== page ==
PARIS -- Renault SA said it wrongfully dismissed three executives accused of spying after French prosecutors found no substance in a complaint by the carmaker against the former employees.
CEO Carlos Ghosn and COO Patrick Pelata plan to meet with the executives, promising compensation for "serious prejudice" to their reputations and careers, Renault said in an e-mailed statement today.
Ghosn also "refused to accept the resignation tendered by Patrick Pelata," the company said in the e-mailed statement after an emergency board meeting. As the case unraveled in recent weeks, Pelata had hinted his own job may be at risk, saying Renault would accept all the consequences "up to the highest level of the company, that is to say up to myself."
In a later development today, Renault said it plans to reinstate the three executives and that Ghosn and Pelata will give up their 2010 bonus and stocks options.
Authorities in Switzerland and Liechtenstein have confirmed that the men didn't have bank accounts in those countries, as Renault had claimed, for their alleged spying activities, Paris Chief Prosecutor Jean-Claude Marin said today at a press conference. The probe will now shift to looking into possible fraud by another Renault employee, he said.
Renault held an emergency board meeting today to weigh sanctions against managers involved in the case, two people familiar with the matter said. Prosecutors yesterday issued "organized fraud" charges against Dominique Gevrey, the security chief whose internal investigation led to the firing of upstream development chief Michel Balthazard and two other executives.
"At this stage we do not know whether we are dealing with just fraud or a deliberate attempt to destabilize Renault," Marin said. "If there was any espionage it was not carried out through the networks identified by Renault."
As the case unraveled, Pelata hinted his own job may be at risk, saying Renault would accept all the consequences "up to the highest level of the company, that is to say up to myself."
The 15 percent state-owned carmaker came under fire for carrying out its own investigation into suspected spying before informing the authorities of its fears.
The case briefly caused tensions with China after a government source said investigators were following up a possible link with China before a formal inquiry was launched. Renault and the government subsequently played down talk of the link and China angrily denied any involvement.
One analyst, who asked not to be named, said COO Pelata was "not necessarily irreplaceable, but it would still be a significant shock" if he stood down over the affair.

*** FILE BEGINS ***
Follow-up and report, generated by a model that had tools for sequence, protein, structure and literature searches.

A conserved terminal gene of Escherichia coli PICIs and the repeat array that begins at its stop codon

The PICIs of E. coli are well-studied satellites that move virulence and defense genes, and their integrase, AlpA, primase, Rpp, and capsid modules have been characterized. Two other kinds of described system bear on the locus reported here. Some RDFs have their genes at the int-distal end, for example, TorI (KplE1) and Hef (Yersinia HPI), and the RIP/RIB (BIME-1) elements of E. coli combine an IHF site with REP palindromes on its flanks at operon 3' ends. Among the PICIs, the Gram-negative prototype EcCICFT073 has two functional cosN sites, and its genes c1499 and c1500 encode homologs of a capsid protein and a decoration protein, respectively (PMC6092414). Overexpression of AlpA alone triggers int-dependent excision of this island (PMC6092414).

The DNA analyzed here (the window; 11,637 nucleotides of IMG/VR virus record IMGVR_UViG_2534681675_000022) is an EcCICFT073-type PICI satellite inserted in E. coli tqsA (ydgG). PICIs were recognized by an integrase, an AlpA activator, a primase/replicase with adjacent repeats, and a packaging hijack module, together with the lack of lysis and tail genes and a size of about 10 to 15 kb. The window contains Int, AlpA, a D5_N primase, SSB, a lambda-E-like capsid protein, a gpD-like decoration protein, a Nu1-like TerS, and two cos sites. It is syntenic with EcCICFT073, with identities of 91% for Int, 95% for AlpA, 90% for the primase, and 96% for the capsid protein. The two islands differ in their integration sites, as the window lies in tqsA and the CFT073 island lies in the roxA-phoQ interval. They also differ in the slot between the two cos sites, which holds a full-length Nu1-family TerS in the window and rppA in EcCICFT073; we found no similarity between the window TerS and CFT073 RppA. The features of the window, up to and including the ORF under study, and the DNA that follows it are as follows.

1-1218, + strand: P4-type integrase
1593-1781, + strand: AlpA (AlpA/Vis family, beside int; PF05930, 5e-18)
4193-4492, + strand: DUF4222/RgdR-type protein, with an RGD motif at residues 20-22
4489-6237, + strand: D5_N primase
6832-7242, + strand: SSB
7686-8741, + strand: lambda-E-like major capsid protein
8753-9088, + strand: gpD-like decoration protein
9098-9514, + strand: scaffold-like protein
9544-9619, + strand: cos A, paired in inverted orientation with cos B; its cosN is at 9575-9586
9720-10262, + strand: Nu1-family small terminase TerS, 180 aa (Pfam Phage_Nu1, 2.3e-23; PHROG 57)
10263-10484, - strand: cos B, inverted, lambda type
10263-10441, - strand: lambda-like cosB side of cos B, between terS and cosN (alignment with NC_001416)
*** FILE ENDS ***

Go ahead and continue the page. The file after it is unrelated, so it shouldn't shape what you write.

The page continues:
The case also affects Ghosn, the dynamic CEO of Renault and its partner Nissan Motor. Early on he spoke out, saying the carmaker had "multiple pieces of evidence" for its allegations. But in February he said he had not taken part personally in the investigation.
"If every time something happens in a company you had to take your pen and go and look into it to be sure of what people are telling you the company would cease to exist," he said.
Ghosn seen as crucial
Ghosn is seen as crucial to the Renault-Nissan alliance, however: "Ghosn is today the only real cement holding the alliance together," said the analyst.
"In my view it would not be possible for any one person to take over the two roles of Renault CEO and Nissan CEO, so we would perhaps be in a situation in which the two groups would grow apart instead of coming closer together," he added.
Brazilian-born Ghosn gained a reputation as an auto industry guru after turning around loss-making Nissan a decade ago, and now jets between France, Japan and the United States.
But he has not escaped criticism, coming under fire for the failure of Renault's ambitious 2009 strategic plan -- which he blamed on the wider crisis -- and in February for what many industry analysts thought was an underwhelming new plan.
Renault's botched spying allegations rekindkled memories in France of one the most embarrassing episodes in the history of the Fifth Republic, the 1979 "sniffer plane" scam.
In that case, the Elf oil firm (now part of Total ) was swindled out of large sums to develop a plane designed to sniff out oil deposits which turned out to be a hoax.
In 2008, Deutsche Telekom was embarrassed by the disclosure that it had snooped on its staff by illegally monitoring phone call records and had targeted board members and journalists.